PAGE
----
I blogged about Graves v. NES back on February 4th, when the Utah Supreme Court held that a defendant can compare the fault of an intentional tortfeasor– in this case a criminal– against its own fault on the verdict form. As you may recall, Graves involves a girl who was sexually assaulted in a group home for disabled individuals owned and operated by NES in Logan. The assailant was NES’ employee, Cooper, who had a history of sexual abusive conduct in a prior job.

Plaintiffs claimed that no references were checked by NES before hiring Cooper, nor was any training given to Cooper’s supervisors on preventing sexual abuse. Cooper eventually plead guilty to aggravated sexual abuse of a child, and is now serving a fifteen-to-life sentence. The girl’s parents sued NES for damages arising out negligence in the retention and supervision of Cooper.

Last Friday, October 2nd, a Logan jury returned a verdict for $12,500,000 against NES and Cooper. But only 12% of that was allocated to NES– 3% was assessed on the girl’s father, and 85% on Cooper, who is likely judgment-proof.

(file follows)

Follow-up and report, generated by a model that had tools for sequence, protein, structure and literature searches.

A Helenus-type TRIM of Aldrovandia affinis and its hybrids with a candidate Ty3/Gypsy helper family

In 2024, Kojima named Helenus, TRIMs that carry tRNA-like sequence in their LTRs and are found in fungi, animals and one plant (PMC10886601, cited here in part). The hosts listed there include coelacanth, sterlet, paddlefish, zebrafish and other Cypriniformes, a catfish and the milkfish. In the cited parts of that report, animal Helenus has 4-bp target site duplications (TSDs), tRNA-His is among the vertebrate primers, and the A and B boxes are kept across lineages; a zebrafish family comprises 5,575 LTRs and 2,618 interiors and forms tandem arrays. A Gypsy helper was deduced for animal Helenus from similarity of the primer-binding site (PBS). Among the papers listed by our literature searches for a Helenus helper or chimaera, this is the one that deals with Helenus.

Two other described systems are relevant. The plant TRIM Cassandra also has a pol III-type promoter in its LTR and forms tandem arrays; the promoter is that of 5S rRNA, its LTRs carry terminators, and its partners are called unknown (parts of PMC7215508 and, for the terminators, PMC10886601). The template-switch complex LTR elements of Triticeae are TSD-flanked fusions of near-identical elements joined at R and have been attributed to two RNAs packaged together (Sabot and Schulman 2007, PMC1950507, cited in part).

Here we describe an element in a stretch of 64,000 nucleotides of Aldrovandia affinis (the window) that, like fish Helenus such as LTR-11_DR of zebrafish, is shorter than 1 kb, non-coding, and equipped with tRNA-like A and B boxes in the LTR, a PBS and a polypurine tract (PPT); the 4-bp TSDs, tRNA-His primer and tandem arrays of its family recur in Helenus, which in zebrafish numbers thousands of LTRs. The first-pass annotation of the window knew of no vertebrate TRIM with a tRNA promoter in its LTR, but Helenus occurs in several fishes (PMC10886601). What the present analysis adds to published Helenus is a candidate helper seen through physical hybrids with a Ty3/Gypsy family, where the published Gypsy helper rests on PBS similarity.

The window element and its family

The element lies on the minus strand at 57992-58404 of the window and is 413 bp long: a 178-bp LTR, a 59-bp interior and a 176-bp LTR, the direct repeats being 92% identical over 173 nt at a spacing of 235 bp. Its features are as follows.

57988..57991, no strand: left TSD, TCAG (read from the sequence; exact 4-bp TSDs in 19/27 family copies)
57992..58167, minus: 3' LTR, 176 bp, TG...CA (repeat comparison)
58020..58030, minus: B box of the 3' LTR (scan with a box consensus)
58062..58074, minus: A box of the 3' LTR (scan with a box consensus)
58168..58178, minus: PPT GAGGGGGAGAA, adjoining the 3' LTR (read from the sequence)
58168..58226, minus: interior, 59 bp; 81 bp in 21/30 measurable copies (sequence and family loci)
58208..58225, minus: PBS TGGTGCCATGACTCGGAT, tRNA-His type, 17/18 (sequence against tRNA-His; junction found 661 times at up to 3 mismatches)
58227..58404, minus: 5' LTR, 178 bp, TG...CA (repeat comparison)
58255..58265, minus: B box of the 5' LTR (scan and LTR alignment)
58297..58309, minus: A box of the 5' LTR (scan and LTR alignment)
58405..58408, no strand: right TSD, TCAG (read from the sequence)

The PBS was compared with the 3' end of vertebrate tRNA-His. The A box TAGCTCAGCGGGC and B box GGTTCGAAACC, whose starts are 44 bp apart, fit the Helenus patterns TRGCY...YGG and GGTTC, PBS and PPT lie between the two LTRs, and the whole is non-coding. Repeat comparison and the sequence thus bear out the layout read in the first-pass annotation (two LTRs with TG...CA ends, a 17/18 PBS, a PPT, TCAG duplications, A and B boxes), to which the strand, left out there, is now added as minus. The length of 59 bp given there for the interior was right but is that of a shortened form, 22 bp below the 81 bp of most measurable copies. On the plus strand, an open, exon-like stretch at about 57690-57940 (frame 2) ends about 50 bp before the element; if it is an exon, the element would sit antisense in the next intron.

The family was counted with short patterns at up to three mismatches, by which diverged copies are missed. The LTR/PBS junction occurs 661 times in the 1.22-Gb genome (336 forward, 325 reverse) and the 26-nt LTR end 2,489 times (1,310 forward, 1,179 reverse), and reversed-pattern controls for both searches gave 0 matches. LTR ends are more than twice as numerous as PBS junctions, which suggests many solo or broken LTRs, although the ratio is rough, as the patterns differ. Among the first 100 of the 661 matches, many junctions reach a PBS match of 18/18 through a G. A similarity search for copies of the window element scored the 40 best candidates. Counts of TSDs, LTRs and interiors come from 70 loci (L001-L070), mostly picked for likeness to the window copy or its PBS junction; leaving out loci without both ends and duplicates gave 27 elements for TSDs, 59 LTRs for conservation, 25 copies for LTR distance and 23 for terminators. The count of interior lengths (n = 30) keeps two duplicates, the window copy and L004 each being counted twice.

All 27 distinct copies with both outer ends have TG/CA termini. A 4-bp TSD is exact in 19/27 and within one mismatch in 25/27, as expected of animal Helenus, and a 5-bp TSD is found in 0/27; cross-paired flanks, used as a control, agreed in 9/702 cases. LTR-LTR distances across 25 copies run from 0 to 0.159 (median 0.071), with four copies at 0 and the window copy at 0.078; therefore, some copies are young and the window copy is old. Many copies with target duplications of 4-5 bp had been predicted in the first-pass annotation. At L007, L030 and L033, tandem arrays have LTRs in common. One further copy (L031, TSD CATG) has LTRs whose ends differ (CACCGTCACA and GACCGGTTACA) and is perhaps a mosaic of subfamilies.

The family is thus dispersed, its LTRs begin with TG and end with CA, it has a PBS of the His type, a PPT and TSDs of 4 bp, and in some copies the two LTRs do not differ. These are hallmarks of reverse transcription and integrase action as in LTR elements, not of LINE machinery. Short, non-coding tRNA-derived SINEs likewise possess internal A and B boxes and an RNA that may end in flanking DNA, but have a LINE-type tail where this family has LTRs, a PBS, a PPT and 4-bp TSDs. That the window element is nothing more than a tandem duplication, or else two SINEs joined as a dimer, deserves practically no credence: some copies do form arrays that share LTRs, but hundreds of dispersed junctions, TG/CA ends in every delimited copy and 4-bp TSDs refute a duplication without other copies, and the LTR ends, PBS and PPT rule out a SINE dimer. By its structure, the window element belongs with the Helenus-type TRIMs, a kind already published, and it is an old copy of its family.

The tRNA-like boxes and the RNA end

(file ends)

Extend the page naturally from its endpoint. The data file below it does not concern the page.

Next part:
The NES portion of the verdict comes to 1.5 million, a significant sum. But my sources tell me that 1.5M is significantly less than NES’s insurer had offered before trial, so the defense side is not at all displeased with the verdict. (Nor with the hugely-significant appellate decision from February establishing that criminal conduct may be compared with negligence for purposes of the fault allocation.)

Here’s the article from the Logan newspaper. (And an earlier article during the trial.) Plaintiff’s counsel was Shaun Peck; defense counsel was Greg Sanders. The trial judge was Thomas Willmore.